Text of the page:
"People in every nation enhance the social dimension of their lives
by acting as committed and responsible citizens."
- Pope Francis
Introducing CSSA's All-New Podcast: Living the Mission
Delaney Burns '21 and Caroline Maltese '21 bring you "Living the Mission," the Center for Service and Social Action's official podcast. We welcome you to join us on our journey toward becoming more socially responsible leaders. Our goal is to bring you insights regarding CSSA’s values and the Social Change Model of Leadership as we interview some friends from our John Carroll community. Let’s create some positive social change together.

You can also listen to Living the Mission on Spotify, Anchor, Google Podcasts, or Apple Podcasts
The Become a Refugee Response Youth Mentor
The goal of the Youth Mentoring Program with The Refugee Response is to connect refugee students with volunteer mentors in order to help students: achieve their own academic, language and social-emotional goals, nurture a growth mindset, and build confidence in their skills, abilities and identities. Youth mentors are academic tutors, role models and friendly community connections. The Refugee Response believes these connections significantly bolster student development. The relationships between students and mentors not only result in increased confidence in English language skills but also increased comfort in new communities.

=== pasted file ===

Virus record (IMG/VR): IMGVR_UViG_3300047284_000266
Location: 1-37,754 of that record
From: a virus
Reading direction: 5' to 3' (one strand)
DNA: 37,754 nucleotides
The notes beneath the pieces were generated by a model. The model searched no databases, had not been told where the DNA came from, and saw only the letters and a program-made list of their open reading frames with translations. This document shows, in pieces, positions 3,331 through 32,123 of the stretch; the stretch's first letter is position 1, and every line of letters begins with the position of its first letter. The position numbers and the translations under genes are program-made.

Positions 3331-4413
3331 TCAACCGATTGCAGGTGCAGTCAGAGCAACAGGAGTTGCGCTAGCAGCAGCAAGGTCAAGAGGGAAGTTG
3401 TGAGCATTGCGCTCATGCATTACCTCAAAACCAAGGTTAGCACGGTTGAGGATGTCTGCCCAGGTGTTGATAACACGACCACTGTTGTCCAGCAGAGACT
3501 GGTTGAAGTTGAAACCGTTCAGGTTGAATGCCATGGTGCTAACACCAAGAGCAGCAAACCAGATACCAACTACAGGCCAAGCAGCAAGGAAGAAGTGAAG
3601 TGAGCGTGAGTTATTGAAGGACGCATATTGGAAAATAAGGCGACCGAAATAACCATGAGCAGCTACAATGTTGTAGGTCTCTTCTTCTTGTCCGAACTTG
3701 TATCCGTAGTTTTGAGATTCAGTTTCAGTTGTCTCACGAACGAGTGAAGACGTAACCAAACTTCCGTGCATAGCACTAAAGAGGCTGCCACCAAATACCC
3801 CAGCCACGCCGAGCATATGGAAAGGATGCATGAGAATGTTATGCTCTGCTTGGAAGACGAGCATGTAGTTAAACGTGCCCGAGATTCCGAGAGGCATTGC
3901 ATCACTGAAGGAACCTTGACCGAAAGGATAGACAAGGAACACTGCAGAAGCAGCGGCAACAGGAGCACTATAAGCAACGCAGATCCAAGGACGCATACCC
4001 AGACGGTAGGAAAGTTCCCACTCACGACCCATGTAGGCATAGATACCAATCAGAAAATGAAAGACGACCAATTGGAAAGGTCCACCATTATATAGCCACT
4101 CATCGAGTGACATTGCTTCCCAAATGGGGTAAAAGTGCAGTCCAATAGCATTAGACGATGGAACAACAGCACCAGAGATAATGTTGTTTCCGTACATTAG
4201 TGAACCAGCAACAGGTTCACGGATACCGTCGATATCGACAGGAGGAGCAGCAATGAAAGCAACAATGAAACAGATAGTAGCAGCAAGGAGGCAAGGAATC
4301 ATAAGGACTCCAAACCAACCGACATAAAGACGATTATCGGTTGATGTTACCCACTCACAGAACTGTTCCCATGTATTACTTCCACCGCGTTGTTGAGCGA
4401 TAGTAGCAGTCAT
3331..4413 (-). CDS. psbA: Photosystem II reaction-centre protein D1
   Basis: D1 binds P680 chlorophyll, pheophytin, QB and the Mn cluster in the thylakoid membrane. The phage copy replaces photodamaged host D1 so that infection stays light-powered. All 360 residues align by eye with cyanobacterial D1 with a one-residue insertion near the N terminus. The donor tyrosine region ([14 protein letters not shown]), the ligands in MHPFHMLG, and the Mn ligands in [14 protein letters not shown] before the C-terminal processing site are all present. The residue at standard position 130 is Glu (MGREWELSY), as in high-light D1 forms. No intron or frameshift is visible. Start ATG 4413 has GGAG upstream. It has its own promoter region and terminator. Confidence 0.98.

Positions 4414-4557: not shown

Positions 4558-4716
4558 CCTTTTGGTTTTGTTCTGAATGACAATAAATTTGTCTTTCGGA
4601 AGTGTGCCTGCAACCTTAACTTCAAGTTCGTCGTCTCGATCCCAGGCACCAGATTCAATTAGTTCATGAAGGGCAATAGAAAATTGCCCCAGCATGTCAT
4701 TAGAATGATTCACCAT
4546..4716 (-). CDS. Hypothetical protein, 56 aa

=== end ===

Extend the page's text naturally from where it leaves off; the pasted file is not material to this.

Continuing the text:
This opportunity is virtual this fall. View their flyer for more information.

Visit the Youth Mentoring Page on their website for an overview of the program and their students. Visit the Become a Youth Mentor Page for an overview of each role requirement and a link to the application.
Service Challenge: Walk in Solidarity with Refugees
Join Jesuit Refugee Service/USA in raising awareness for and expressing solidarity with refugees by participating in this 40-day challenge to reach 40 miles!

Walk, run, cycle, or move in the way that works for you to reach 40 miles by November 14 – JRS Day and JRS’s 40th Anniversary!

As we continue to social distance and limit our travel, this 40-day challenge to reach 40 miles will assist JRS in raising awareness for refugees and of our work to accompany, serve, and advocate on behalf of refugees and forcibly displaced persons. During the challenge they’ll bring the stories of refugees to your inbox and ask that you walk with them as you physically walk 40 miles in solidarity. Then, share your experience with your network and community.

Deadline to register is TOMORROW, October 6! Learn more and register here. Please contact outreach@jrsusa.org with any and all questions.
Learn: 15 TED Talks on Refugee Resilience
These TED and TEDx Talks that highlight the resilience of refugees from all around the world. These are just a handful of voices representing the ingenuity of tens of millions of displaced persons and the daily struggles they face. Here is a list of 15 of the most inspirational and beautiful Talks from refugees and the humanitarians working with them. Each Talk is short – so feel free to bookmark so you can come back and listen to each unique perspective.

Advocate 1: Urge Your U.S. Senators to Support the